"Australia Broadcasting Corporation chief executive Mark Scott will use a major London media conference next week to challenge the controversial speech given by News Corporation executive James Murdoch 10 days ago in which he attacked the BBC. Mr Scott was in Beijing with ABC chairman Maurice Newman and other ABC executives at the weekend celebrating the ABC's 35 years in China and lobbying to have Australia Network
carried on Chinese pay-TV. The group are visiting several overseas bureaus as part of a review of the broadcaster's international operations. ... The campaign for the Australia Network's inclusion on Chinese pay-TV has been afoot for many years and it is one of about 30 international stations in a run-off for a group of limited satellite slots. A clear indication of how many will be available and when has not been outlined by China's media authorities." The Australian, 7 September 2009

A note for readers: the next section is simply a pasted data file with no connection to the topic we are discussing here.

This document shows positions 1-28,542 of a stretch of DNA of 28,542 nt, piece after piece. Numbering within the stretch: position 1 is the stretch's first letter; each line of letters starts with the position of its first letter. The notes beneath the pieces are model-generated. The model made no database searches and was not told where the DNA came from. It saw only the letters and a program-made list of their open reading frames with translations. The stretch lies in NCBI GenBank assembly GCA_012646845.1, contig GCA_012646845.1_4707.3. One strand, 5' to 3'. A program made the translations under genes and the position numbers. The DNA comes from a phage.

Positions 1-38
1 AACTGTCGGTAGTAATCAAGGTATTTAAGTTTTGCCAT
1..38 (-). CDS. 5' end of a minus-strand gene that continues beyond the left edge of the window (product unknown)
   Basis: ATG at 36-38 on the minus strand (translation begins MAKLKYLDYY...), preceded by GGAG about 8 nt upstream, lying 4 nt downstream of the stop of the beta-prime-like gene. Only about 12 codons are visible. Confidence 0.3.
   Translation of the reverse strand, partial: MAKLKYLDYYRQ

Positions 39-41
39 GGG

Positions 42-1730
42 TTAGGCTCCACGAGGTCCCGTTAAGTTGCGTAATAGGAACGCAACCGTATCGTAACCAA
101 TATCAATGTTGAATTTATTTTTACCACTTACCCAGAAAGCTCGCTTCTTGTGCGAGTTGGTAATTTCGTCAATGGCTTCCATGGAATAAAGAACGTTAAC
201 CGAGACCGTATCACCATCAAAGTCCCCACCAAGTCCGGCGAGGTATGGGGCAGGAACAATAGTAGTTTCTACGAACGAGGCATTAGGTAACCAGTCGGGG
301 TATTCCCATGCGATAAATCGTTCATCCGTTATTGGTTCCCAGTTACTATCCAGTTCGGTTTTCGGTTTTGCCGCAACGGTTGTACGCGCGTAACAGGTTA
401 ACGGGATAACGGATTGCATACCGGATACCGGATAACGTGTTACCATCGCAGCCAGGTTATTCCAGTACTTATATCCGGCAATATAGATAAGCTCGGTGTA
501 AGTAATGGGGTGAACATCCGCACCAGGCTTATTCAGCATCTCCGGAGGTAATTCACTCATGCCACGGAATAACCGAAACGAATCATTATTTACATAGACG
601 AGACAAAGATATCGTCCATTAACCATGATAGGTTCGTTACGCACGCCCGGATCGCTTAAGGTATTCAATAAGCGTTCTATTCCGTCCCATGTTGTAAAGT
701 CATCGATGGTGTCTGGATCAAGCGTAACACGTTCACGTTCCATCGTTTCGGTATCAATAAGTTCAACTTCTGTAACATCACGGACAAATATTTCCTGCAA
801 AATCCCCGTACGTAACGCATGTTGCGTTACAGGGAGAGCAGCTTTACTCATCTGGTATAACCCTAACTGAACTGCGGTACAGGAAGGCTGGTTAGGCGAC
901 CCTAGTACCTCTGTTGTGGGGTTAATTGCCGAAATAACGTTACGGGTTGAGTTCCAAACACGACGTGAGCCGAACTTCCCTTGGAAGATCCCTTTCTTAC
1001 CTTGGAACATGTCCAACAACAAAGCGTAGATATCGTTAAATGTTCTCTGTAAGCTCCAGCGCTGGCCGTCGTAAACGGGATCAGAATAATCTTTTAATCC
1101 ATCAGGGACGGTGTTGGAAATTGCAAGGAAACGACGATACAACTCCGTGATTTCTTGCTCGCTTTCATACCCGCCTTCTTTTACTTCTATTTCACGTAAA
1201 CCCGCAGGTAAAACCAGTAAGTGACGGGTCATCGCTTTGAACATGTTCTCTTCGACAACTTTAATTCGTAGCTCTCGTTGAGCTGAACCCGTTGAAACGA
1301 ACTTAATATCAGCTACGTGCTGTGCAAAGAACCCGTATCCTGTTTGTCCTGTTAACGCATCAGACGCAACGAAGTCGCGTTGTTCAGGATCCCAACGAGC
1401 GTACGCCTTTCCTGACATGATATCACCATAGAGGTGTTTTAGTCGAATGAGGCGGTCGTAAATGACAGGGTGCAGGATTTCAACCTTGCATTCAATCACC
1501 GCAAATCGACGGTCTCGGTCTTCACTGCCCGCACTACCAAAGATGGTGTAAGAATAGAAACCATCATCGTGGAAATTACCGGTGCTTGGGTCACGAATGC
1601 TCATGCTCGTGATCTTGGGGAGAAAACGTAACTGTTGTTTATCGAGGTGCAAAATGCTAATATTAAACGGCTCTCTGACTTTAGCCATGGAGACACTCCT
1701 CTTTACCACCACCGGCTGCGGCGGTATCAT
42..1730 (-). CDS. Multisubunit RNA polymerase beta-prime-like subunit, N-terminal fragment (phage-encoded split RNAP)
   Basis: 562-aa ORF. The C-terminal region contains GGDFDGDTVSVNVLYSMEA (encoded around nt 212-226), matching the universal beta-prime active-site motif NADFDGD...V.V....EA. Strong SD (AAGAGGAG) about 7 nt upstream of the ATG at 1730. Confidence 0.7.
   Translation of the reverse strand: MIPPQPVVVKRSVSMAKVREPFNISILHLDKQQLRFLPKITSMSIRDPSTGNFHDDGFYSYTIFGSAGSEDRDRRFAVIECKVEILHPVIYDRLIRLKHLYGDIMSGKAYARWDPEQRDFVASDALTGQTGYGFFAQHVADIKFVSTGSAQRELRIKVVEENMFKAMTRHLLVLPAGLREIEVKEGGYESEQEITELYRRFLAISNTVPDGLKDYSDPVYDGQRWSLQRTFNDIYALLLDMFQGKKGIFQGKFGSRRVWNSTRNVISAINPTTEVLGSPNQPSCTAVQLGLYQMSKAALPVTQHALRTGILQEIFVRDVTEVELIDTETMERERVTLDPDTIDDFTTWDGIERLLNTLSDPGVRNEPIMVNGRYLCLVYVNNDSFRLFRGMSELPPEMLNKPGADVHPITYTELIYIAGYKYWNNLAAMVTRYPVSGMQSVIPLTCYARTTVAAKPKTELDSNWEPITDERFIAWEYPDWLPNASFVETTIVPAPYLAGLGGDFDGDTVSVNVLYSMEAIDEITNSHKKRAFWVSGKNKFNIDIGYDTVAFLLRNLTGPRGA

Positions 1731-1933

. The Chinese "pay TV" might refer to the new proprietary China Direct Broadcast Satellite Company. See previous post.
About Murdoch speech, see Reuters, 28 August 2009
. Full text at News Corporation, 28 August 2009
"Support for the BBC has risen in the last five years with almost four out of five people believing it is an institution to be proud of, according to a new survey [in the UK]. The poll showed that 77 per cent were proud of the BBC, up from 68 per cent in a similar poll from 2004. The ICM/Guardian poll found that a total of 63 per cent thought the corporation provided good value for money, up four per cent from five years ago. Asked if the BBC was trustworthy, almost seven in 10 of the 1,001 adults questioned said yes, up from six in 10.
The poll follows a speech by News Corporation chief James Murdoch in which he described the scale and scope of the BBC's ambitions as 'chilling'." The Telegraph, 5 September 2009